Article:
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» Hatrack River Writers Workshop » Forums » Open Discussions About Writing » Evaluating Submission Guidelines

   
Author Topic: Evaluating Submission Guidelines
rcmann
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I have been thinking about something, and I would really value some input from more experienced people. It strikes me that there is s significant variation in the way different publication phrase their guidelines. I am not talking about manuscript format, or submission method. Those are fairly standardized I think.

I mean, for example, Clarkesworld has an entire page dedicated to listing, in what reads to me like somewhat testy detail, the type of story that they most emphatically are *not* willing to publish. I can almost hear the growling when I read it. Other places list the things they don't want, but not to the same degree. Still others concentrate on listing what they *do* want, and almost don't bother with going into the negative listing.

What I'm wondering is this - is there a noticeable correlation between acceptance rates and/or how easy an editor is to work with, vs. the type and length of the submission guidelines a publication posts? In other words, are the pickier ones harder to sell to? Easier? And what about working with different places? Come to that, is there a real difference between what gets posted as official guidelines, and the actual approach to reviewing that a mag uses?

Anyone got a clue? I have none.

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Robert Nowall
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Since my history is rejection, and since, of late, the rejection slips come with no indication of why other than form-letter-vague statements, I can't really say. (I admit my stuff "falls between the stools," as they say, stories that fit neither their guidelines nor their published examples---but I send things on to them anyway.)

I can't vouch for Clarkesworld, but some of the markets I do look into (and occasionally read) have published things that violate their stated guideline standards---sometimes under a previous editor, but sometimes right there in the current issue.

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Osiris
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Rather than try to figure out how difficult a market is to break into based on their submission guidelines, just use Duotropes statistics. Clarkesworld is indeed one of the pickiest markets based on statistics, but they are also one of the fastest to reject. So, I send many of my stories there because I know I won't lose a lot of time if they reject it, and if they do accept, than great, I'd be very proud to be published there.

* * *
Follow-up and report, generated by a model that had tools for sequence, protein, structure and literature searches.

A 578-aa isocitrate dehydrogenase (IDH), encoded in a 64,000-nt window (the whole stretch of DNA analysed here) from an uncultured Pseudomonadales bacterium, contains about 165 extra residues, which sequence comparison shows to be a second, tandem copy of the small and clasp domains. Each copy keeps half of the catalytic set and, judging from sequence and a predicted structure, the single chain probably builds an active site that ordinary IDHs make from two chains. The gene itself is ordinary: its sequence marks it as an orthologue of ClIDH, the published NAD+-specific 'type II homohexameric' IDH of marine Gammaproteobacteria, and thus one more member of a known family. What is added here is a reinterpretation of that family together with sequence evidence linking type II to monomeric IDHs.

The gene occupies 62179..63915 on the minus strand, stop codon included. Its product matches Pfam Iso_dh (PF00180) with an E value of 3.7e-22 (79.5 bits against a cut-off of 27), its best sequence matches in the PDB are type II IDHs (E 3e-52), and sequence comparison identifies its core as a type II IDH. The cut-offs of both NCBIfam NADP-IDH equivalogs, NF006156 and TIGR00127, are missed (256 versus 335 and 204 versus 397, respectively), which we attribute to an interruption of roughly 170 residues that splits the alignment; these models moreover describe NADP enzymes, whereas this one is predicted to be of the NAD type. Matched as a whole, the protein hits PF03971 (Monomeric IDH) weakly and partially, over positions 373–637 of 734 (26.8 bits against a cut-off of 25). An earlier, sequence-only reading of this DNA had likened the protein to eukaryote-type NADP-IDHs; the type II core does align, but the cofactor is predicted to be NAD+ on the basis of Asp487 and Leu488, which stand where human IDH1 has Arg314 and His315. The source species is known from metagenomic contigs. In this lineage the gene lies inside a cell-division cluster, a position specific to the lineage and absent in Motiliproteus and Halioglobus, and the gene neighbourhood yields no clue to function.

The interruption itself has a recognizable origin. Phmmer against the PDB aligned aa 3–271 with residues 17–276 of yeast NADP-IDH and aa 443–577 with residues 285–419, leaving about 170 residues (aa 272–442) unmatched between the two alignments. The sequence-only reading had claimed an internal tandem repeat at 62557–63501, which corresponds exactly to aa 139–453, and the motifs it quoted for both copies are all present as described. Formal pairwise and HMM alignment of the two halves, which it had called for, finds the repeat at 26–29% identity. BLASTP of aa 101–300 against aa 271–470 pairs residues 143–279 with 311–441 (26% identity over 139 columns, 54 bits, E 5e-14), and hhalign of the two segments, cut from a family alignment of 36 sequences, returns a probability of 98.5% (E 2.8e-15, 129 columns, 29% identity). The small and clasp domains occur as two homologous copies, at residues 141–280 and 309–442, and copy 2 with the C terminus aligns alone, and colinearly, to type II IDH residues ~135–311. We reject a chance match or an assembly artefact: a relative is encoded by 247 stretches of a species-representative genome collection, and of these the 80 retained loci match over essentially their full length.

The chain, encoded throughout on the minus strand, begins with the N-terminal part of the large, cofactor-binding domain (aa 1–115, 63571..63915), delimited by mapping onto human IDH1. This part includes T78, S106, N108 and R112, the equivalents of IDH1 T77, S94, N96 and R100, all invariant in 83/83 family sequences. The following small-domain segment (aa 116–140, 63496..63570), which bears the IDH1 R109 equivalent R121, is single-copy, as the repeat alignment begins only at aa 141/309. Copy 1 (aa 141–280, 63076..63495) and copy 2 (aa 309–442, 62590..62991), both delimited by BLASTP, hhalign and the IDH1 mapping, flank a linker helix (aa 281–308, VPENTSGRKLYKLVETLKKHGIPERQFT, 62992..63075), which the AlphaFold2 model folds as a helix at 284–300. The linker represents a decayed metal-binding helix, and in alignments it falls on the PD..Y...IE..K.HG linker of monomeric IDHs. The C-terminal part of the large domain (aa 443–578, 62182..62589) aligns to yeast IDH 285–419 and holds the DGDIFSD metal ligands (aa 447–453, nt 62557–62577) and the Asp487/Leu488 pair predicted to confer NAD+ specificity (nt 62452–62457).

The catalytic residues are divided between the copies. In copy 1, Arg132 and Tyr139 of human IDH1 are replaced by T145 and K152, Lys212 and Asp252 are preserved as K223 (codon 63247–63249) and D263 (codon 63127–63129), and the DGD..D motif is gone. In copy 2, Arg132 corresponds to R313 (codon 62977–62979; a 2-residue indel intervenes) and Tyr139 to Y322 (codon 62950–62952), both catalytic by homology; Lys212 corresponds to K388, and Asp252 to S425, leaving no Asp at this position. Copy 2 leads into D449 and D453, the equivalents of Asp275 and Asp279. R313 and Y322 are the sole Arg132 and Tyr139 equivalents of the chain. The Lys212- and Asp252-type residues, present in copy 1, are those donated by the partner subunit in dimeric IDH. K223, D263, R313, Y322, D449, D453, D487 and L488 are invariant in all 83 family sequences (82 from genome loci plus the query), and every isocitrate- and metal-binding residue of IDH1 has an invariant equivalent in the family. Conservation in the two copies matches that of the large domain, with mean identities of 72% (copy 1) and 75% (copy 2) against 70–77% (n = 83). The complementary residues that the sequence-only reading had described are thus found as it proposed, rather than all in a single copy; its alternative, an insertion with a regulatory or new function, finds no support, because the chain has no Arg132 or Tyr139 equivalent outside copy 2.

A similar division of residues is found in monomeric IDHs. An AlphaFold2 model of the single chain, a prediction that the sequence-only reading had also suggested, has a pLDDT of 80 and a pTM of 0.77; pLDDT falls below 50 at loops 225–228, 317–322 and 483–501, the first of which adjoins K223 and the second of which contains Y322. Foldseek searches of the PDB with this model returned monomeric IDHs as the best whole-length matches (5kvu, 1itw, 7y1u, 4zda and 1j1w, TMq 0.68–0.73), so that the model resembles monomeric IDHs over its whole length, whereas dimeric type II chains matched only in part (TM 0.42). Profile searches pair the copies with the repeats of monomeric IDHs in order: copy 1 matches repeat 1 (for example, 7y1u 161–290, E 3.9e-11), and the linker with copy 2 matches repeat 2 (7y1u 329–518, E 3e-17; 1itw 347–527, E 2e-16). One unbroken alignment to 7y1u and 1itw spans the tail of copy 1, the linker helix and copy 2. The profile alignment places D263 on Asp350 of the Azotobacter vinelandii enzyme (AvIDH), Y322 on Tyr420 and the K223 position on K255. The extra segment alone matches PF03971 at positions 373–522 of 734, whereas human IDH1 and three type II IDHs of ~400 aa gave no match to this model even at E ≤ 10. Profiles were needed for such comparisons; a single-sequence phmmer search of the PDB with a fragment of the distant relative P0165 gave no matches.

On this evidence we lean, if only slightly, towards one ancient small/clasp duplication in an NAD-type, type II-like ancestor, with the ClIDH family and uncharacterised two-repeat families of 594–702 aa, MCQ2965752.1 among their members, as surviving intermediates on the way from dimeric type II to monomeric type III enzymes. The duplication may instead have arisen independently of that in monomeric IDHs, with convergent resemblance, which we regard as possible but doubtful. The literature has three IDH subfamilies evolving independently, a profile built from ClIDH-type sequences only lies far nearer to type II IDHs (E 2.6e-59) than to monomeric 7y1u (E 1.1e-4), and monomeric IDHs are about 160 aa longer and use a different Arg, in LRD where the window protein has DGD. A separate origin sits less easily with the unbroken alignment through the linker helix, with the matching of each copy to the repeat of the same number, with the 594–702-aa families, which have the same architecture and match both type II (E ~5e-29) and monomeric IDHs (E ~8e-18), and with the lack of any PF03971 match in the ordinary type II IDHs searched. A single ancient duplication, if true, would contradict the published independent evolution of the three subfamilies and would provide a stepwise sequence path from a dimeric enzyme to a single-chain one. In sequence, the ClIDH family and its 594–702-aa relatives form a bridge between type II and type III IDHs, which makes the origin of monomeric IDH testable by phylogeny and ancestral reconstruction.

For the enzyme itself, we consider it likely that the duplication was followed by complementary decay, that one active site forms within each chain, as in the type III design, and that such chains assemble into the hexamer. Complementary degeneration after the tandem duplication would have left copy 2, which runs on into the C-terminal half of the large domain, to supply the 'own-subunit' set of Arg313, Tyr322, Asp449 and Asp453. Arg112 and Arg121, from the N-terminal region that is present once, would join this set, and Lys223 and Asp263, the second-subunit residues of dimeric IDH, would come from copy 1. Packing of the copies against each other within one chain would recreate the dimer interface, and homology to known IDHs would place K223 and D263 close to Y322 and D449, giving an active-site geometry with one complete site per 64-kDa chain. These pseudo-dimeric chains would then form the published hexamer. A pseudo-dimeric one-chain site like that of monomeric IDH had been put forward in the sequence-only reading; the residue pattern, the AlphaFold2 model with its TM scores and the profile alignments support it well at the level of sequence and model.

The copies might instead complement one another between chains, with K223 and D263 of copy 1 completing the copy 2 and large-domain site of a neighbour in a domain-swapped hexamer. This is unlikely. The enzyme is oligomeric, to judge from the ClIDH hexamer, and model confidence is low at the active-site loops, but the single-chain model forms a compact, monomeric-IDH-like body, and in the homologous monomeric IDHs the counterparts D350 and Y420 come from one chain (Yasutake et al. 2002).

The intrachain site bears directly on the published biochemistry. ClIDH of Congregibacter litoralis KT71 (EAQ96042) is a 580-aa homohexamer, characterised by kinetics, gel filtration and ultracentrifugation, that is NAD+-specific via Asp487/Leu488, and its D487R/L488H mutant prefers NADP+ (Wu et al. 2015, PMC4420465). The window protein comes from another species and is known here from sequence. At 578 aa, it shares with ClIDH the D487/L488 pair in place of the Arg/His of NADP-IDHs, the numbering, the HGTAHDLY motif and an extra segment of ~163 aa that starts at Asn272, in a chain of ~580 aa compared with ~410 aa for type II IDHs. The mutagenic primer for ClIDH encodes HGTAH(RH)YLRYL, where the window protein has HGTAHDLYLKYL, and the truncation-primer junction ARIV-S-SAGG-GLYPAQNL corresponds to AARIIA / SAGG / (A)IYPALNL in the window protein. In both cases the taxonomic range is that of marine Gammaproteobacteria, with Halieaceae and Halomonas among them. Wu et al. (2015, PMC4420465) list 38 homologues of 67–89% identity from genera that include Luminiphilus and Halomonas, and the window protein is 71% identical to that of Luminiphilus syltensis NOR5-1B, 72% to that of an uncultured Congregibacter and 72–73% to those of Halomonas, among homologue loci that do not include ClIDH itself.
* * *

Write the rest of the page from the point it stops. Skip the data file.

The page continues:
My experience is that you stand a better chance of selling a story if the story fits the market. For my two pubs, the first was a memoir sold to a mag interested in social issues, which is what the memoir deals with. The second was a quirky zombie story, and that sold to an anthology that based on its title and description, seemed to welcome quirk.

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JenniferHicks
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Not to state the obvious, but the best way to know whether there's a correlation between a magazine's guidelines and what it publishes is to read the magazine. And, as Osiris says, Duotrope acceptance/rejection stats are a good way to gauge a market's pickiness. Pro magazines like Clarkesworld get hundreds of submissions per month and publish only two or three. So what you send them not only has to follow the guidelines but also be extraordinary in its own right.

Also some markets are kind enough to post their own stats. Clarkesworld does. Here's the breakdown for January.

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GreatNovus
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Wow they pay pretty darn good to and a two day turn around is top notch.
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BoredCrow
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Well, I can provide feedback from the "other side." I'm a slush editor for Flash Fiction Online - basically, I read half of all our submissions.

I've noticed that pro markets in general tend to have more detailed submissions, but that's just because pro magazines get more slush. And it's amazing how many nearly identical stories or ideas we get, over and over and over and over. Strange Horizon has a list of stories they see too often, in even more intense detail than Clarkesworld. (http://www.strangehorizons.com/guidelines/fiction-common.shtml). My personal view is that the guidelines are meant to be humorous, though surely they're produced out of frustration as well.

Writing the perfect guidelines is tough. It's a balance between being concise but then not getting the submissions you want - and then being so wordy that no one can get around to finishing the list.

Really though, I don't think magazines write detailed guidelines in an attempt to be picky - but in an attempt to answer submitters who want to know the best ways to get published. Wish I could say there was a magical formula - but alas, I haven't found one to use for my stories either.

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